I spent the weekend 13-14 October in El Escorial, Spain, attending the Asociación Española de Esgrima Antigua annual meeting, as an invited instructor. It was a welcome opportunity to catch up with their chief instructor, an old friend (and a fellow full-time professional colleague), Alberto Bomprezzi, and to see how things are done in Spain.
La primera cosa que quiero decir es que fue un placer e un honor estar invitado a este evento; y quiero agradecer a todos los instructores y estudiantes por darme la bienvenida a mi, y su paciencia con mi español. Me alegría mucho encontrarme a tantos nuevos hermanos y hermanas del espada. ¡Gracias a todos! Y he aprendido una nueva palabra importantísima: ¡Porrón!
The event was well run, and organised in a way I haven’t come across before. Each day began with an hour of free fencing, in which everyone who wants to take part, finds a partner and fences fro three minutes. A whistle is blown, and you change partners. After three such rounds there is a five-minute break. After an hour, there has been a lot of very happy chaos, and everyone is nicely warmed up. I spent the time watching the students fencing, which told me (in the first five minutes) what to cover in my classes.
Alberto is very upfront about what he is doing- he teaches fencing, with historical weapons, taking his theory from Spanish rapier sources (Pacheco y Narvaez, and Carranza, if I recall correctly). This is very different to my own approach which is very much by the book. Indeed, one of the reasons Alberto invited me was so that his students could experience a different way of doing things.
In my first class I covered entering into measure and attacking from wide measure, and what to do when you get very close. This is because almost every action I saw in the longsword freeplay was done after the fencers came close enough to cross swords, then played from there. So they know how to bind and wind, but mostly they didn’t know how to attack with vigour without exposing their hands. So we took one parry and riposte (from first drill, so second play second master of the zogho largo), and worked in a tempo before the attack, and before the parry. We then took the pommel strike from the 8th play of the sword on horseback, and played with that as the attacker’s back-up if the strike fails. It was a very interesting class, clearly somewhat outside the students’ experience- and also outside mine as I taught the whole thing in Spanish, for the first time ever. I learned Spanish growing up in Peru during the school holidays from ’87 to ’92, which makes it 20 years since I last spoke the language regularly. But with plenty of goodwill from the students, we got by.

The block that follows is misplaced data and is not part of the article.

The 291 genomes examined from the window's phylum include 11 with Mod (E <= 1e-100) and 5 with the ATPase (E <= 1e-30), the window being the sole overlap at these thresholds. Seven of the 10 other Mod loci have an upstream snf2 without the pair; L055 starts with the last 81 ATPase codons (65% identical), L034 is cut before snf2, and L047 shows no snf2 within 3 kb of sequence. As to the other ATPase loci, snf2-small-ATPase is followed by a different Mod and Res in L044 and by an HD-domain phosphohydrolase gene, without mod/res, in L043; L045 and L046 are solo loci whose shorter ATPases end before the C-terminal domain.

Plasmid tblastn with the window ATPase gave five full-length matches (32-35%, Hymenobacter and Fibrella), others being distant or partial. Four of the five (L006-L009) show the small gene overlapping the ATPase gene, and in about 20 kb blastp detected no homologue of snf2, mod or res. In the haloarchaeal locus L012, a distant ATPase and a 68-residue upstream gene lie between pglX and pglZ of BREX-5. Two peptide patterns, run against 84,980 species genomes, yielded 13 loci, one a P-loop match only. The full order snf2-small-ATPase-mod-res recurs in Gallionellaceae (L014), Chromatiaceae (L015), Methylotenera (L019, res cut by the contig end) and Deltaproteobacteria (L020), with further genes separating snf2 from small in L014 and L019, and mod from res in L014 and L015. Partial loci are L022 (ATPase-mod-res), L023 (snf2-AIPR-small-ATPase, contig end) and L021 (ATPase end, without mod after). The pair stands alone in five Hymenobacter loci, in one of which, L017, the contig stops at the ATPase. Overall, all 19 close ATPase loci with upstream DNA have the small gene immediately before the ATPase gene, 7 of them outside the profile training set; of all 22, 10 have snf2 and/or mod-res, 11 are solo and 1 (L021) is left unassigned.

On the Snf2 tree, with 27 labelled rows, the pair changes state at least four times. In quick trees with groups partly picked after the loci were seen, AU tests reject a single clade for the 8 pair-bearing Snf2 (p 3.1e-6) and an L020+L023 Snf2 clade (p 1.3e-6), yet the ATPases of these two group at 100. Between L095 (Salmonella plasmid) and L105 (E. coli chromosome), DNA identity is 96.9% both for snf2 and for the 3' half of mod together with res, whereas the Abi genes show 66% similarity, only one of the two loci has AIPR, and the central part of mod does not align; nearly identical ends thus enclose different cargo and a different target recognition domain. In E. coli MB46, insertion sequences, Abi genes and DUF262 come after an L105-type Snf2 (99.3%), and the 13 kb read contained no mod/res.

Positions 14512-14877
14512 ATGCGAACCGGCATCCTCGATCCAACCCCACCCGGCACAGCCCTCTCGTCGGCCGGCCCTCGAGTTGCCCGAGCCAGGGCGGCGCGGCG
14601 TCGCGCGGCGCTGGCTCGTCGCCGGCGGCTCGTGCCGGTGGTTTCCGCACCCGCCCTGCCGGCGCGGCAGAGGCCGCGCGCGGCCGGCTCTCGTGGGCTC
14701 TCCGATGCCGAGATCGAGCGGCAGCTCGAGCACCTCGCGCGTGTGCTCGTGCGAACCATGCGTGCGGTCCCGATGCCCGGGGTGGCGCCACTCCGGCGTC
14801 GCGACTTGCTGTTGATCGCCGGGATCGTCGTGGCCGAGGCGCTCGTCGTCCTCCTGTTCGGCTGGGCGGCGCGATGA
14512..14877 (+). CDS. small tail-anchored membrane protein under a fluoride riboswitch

There were only two class slots per day, with four classes running in each slot. In the afternoon I watched Chris Chatfield teach pugilism based on Saviolo, and Alberto teaching rapier and dagger. I also got to talk to Rob Runacres, who had asked his colleagues to suggest whatever tips they may have for his improvement. So I took him aside and taught him the basics of establishing a groundpath from the sword to the feet. (I’ll cover this in a blog post next month.) It was a pleasure to teach him, as he was very open to correction, and willing to learn.
The second day began predictably late, but with so much free time built into the schedule it didn’t matter. When in Spain, chill out! I had originally been asked to teach one longsword and one rapier class, but Alberto asked me to teach a second longsword class instead, so I did. This one focussed on one basic drill (first drill again), and looked at how the blows create the guards, what the guards are for, the difference between zogho largo and zogho stretto, and making your actions work despite your opponent’s best efforts to stop it.
In the afternoon, after another short lesson in the mighty porrón, I got to spend about half an hour in Manel Avrillon’s knife class. I adore martial arts of just about any type, and after an unrelieved diet of European food, the occasional Indonesian curry or Japanese sushi is very welcome. But I spotted Chris Chatfield waiting for me, and I had asked him to take me through his interpretation of the first set of plays from Vincentio Saviolo’s His Practice.
Back in 2000 at the second annual meeting of the British Federation of Historical Swordplay (which I helped to found in 1998) I saw a demonstration of this form that has stayed with me. Duncan Fatz was reading the treatise aloud, while Chris and a chap called Alistair O’Loughlin performed the actions. It was a perfect example of by-the-book historical swordsmanship. Yes, it was probably mostly wrong in terms of the specifics of execution, this was 12 years ago after all, but the approach was perfect. The spectators could see the words of the book come alive. So I was very curious to see how Chris’s interpretation had changed. And changed it has- the footwork alone is a very interesting set of mechanics that echoes both 19th-century pugilism and T’ai Chi Chuan. Chris walked me through it for about an hour, and while my left heel stubbornly refused to plant itself the way he wanted it to, the mechanics made perfect sense. I look forward to trying them again- perhaps at a weekend seminar in Helsinki next year…
Anyway, you couldn’t ask for a better host than Alberto, and his students were keen, enthusiastic, open to alternative approaches and fun to teach. All in all, a great weekend.